By Yankuba Jallow
As the Judiciary prepares to begin the legal year celebrations, Foroyaa will be publishing the problems the people face in trying to access justice and the weaknesses of the system of administration of justice. The publications would go beyond the legal year celebrations. This is in line with the constitutional duty of the media in holding the authorities to account. Foroyaa will publish the statements at the Legal Year scheduled to take place over the weekend.
The Judiciary of The Gambia has what it called “Strategic Plan”. It was launched on 31 January 2021 by the Chief Justice of the Gambia. The plan has a life span of five (5) years. The strategic document sought to enhance the Judiciary as an independent, effective and efficient justice system for upholding the rule of law; to promote its mission to ensure a fair, impartial and timely delivery of quality justice by a competent, motivated and committed staff in collaboration with justice stakeholders.
Chief Justice Hassa B. Jallow at the launch event said the strategic plan identified eight (8) outcome-oriented goals which are to strengthen the independence of the judiciary and its autonomy, to upgrade and expand physical infrastructure and improve the work environment, restructure and strengthen organizational and institutional capacity, to improve efficiency of court processes and services delivery, to develop the human resources capacity required for a modern judiciary, to harness ICT to support court functions, to improve access to the courts and tribunals and to improve communication and stakeholder confidence.
The District Tribunals and the Industrial Tribunal are the two courts that have the most serious problems in terms of the delay of cases. The two tribunals take years before deciding on cases.
Brikama Magistrate’s Court is one of the busiest courts in the Gambia. Its jurisdiction covers the entire West Coast Region, which is Gambia’s largest Region. There is another small court at Brusubi that also hears cases – criminal and civil.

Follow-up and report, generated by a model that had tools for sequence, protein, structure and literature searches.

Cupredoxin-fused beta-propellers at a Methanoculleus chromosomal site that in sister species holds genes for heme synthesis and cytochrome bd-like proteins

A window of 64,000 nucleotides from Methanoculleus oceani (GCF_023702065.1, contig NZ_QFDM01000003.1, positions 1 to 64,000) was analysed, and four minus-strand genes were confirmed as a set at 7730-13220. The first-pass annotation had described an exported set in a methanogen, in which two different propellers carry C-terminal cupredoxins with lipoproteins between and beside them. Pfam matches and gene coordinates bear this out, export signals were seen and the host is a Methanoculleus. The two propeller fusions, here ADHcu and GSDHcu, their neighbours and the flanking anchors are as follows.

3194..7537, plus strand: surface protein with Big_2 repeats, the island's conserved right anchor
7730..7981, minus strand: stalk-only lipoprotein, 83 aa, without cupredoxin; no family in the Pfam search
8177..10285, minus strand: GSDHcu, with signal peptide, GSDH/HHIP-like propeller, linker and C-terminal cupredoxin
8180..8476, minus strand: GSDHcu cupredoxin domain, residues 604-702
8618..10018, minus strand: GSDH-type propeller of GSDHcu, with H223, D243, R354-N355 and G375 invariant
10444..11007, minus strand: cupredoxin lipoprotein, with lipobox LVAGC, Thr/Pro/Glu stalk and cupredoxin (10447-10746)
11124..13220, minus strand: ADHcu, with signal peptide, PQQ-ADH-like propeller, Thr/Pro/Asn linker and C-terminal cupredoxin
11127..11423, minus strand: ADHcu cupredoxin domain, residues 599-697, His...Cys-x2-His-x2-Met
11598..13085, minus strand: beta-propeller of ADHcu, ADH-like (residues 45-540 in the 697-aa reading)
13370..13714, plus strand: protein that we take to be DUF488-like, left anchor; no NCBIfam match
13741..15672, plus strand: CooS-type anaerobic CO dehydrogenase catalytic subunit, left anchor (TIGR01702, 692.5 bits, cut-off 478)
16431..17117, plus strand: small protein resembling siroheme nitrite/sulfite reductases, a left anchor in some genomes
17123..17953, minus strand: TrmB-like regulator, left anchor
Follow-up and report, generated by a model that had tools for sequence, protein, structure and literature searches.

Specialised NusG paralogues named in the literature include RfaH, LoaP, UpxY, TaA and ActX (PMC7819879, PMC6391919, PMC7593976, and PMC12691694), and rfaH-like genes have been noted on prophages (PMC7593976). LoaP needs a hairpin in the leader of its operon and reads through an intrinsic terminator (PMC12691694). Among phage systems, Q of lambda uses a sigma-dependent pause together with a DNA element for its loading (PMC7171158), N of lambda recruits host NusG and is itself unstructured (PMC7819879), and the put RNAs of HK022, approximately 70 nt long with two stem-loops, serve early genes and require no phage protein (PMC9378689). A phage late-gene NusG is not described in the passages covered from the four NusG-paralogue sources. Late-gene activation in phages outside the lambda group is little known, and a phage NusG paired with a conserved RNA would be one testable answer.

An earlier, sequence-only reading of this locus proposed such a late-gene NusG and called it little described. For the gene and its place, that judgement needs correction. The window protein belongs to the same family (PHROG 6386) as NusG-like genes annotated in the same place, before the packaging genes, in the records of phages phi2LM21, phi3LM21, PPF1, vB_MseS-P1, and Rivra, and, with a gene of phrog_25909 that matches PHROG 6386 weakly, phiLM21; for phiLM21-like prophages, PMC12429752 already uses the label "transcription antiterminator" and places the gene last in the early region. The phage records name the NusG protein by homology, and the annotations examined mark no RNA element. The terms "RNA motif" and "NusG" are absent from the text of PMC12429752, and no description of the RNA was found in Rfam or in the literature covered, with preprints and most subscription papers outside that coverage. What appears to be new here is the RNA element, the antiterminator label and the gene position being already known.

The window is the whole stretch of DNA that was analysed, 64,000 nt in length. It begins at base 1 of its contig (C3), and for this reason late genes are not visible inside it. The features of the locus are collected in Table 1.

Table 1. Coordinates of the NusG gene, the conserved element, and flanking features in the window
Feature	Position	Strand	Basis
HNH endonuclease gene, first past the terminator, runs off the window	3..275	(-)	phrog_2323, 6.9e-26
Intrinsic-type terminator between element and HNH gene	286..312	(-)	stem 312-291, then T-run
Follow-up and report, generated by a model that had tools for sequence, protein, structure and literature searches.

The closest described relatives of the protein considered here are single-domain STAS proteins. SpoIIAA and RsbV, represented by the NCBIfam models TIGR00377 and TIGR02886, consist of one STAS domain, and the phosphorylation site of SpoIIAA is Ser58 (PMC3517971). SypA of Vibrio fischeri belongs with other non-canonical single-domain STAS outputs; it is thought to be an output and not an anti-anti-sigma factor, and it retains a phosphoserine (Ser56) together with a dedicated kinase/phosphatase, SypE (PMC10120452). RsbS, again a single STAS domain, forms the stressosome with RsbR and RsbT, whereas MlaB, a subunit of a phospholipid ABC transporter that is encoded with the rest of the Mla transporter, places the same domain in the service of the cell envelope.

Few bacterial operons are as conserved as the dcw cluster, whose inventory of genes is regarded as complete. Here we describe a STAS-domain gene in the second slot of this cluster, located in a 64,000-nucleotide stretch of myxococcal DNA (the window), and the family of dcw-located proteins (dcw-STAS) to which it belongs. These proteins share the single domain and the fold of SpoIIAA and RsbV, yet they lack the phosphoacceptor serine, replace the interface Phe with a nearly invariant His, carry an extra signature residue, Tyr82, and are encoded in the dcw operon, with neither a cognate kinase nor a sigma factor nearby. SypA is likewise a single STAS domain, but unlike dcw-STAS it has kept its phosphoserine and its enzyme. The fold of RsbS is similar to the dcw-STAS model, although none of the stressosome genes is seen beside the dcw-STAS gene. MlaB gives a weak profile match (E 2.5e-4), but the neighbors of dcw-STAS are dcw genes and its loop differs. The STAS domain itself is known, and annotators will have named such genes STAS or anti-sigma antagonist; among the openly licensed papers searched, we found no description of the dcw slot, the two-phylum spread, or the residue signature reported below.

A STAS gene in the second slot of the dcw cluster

The Brikama Magistrate’s Court has about five court rooms. This week, the reporter was at the Brikama Magistrate’s Court. There were only two magistrates working whereas the others were said to be on annual leave.
The story is not based on one-week visit. The revelations here are based on our findings in 2023, which is continuing in 2024.
The first observation is that the courts do not adhere to the work time. By 1 pm daily or latest 2 pm, the courts are done with the hearing of the cases. The courts would start late – mainly 9:30 in the morning daily.
There were instances of absenteeism of magistrates. We have been doing interviews with litigants regarding their cases. We did not discuss the details of the cases, but focused on the delay they have been facing and the conducts of the courts in terms of how the courts are contributing to the delays.
There were instances of adjournments at the Kanifing Magistrate’s Court because of lack of interpreters. The situation remains unresolved and most of the cases are still being hampered. Under the Gambian laws, a litigant has the right to speak in a language of his or her choice. Hence, there is a need for interpreters.
The police, who are the main prosecutors in criminal cases at the magistrates’ courts, also have problems. We will be highlighting them in our subsequent publications.
Follow Foroyaa for more on the problems of the Judiciary. We will publish 10 articles regarding the Judiciary showing the challenges the people are facing.